Joseph Kanon was born in Pennsylvania and was educated at Harvard and Trinity College, Cambridge (U.K.).

While still an undergraduate at Harvard, he began a career in publishing as a reader for The Atlantic and subsequently held editorial positions at The Saturday Review, Little,Brown, and Coward, McCann.

Executive positions followed: President and CEO of E.P. Dutton and Snr. Vice-President and Head of Trade and Reference Publishing at Houghton Mifflin.

In 1995, on a visit to the Southwest, he visited Los Alamos and conceived the ideal for a novel about the Manhattan Project. Los Alamos, published in 1997 was a best-seller, translated into 20 languages, and won the Edgar Award for best first novel.

Now a full-time writer, he followed it with The Prodigal Spy (’98), The Good German (’01), Alibi (’05), and Stardust.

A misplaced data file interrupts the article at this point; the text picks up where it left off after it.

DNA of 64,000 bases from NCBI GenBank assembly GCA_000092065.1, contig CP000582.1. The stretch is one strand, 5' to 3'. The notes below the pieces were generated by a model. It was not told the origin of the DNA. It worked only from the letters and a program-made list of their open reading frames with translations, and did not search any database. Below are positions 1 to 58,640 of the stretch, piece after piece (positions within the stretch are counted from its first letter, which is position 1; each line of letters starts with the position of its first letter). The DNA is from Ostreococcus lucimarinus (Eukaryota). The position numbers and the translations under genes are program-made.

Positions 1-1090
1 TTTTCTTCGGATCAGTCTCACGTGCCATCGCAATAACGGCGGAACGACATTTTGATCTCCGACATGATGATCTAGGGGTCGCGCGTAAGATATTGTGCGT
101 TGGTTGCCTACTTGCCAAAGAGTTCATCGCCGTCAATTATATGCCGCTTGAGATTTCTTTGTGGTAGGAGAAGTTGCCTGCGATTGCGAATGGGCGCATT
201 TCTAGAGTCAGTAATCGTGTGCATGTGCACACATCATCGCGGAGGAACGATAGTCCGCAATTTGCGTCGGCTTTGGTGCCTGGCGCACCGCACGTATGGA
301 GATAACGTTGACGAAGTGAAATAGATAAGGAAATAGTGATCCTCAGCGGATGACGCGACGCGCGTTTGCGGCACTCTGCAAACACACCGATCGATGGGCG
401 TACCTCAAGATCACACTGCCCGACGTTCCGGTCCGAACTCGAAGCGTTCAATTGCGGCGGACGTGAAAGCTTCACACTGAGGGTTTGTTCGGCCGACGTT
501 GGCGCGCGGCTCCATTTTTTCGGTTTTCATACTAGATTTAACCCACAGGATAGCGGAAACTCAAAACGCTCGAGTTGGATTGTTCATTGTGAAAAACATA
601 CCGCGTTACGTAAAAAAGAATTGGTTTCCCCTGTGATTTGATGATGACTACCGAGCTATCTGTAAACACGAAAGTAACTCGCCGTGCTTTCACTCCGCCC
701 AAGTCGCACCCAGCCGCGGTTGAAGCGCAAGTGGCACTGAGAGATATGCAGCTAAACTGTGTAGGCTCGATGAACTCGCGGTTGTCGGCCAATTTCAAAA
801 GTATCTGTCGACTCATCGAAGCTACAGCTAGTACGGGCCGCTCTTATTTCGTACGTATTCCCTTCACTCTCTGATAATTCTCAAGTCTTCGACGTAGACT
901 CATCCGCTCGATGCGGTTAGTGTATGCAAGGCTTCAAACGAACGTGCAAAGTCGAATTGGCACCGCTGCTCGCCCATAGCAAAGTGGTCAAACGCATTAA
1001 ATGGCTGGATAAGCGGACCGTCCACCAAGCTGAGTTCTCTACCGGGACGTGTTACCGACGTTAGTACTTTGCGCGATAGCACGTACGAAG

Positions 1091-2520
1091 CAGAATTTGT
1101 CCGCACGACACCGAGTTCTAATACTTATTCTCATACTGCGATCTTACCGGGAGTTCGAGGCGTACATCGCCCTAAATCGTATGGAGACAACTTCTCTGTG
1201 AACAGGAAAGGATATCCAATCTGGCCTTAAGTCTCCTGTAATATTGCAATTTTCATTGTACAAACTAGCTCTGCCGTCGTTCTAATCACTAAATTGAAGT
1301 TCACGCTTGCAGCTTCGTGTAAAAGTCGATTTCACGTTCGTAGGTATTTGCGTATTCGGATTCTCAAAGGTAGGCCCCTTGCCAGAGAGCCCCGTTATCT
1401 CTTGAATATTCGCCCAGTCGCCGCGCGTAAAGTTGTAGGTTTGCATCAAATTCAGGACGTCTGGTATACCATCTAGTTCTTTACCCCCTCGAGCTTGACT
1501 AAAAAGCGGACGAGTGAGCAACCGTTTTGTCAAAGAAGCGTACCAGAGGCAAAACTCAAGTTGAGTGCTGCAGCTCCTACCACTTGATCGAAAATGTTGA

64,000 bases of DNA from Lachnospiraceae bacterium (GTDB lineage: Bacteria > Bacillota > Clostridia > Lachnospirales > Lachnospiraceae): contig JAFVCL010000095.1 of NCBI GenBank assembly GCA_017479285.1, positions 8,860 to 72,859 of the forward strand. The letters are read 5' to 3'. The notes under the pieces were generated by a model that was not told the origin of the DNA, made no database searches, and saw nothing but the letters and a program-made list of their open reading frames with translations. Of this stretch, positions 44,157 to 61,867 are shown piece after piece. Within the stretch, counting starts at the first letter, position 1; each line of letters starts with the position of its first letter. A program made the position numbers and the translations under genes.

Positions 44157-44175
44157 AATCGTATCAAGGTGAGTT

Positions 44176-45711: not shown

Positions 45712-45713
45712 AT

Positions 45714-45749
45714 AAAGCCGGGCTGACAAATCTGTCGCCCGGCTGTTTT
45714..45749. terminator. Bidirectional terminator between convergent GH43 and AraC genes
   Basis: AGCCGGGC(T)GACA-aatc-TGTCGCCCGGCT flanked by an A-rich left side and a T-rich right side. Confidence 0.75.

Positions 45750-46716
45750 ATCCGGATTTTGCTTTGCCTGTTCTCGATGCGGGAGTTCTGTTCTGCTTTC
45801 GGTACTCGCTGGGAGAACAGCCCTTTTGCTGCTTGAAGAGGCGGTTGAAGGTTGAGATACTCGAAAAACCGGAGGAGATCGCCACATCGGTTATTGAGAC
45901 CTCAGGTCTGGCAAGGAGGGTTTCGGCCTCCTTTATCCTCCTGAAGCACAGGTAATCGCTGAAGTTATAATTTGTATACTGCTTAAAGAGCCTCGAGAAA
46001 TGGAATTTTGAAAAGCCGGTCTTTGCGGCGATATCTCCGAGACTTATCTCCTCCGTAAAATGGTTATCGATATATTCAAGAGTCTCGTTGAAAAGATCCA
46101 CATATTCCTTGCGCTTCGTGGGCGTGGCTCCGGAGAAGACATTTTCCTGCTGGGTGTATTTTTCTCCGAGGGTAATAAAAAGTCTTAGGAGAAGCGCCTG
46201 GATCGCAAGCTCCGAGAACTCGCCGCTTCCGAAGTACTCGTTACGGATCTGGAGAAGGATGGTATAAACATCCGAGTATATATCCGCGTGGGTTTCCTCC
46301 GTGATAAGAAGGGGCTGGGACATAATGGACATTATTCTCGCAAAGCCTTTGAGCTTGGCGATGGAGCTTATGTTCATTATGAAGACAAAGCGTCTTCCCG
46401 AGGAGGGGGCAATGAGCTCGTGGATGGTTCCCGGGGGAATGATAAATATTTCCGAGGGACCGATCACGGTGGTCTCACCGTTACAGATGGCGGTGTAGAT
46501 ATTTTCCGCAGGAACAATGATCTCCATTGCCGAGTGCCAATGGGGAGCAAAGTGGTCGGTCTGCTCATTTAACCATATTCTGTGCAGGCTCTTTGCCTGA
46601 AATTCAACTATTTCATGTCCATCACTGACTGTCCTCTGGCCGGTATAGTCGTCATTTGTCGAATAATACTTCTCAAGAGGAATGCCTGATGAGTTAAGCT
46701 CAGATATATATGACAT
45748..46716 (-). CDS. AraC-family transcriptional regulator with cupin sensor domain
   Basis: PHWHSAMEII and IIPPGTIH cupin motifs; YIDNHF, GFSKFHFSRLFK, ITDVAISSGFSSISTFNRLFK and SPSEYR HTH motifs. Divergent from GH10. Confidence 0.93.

In 2005, The Good German was made into a film with George Clooney and Cate Blanchett, directed by Steven Soderbergh.

That same year Kanon won the Hammett Award of the International Association of Crime Writers for Alibi and in 2007 was given The Anne Frank Human Writes Award by The Anne Frank Foundation for his writings on the aftermath of the Holocaust.

Joe lives in New York with his wife, literary agent Robin Straus. They have two sons.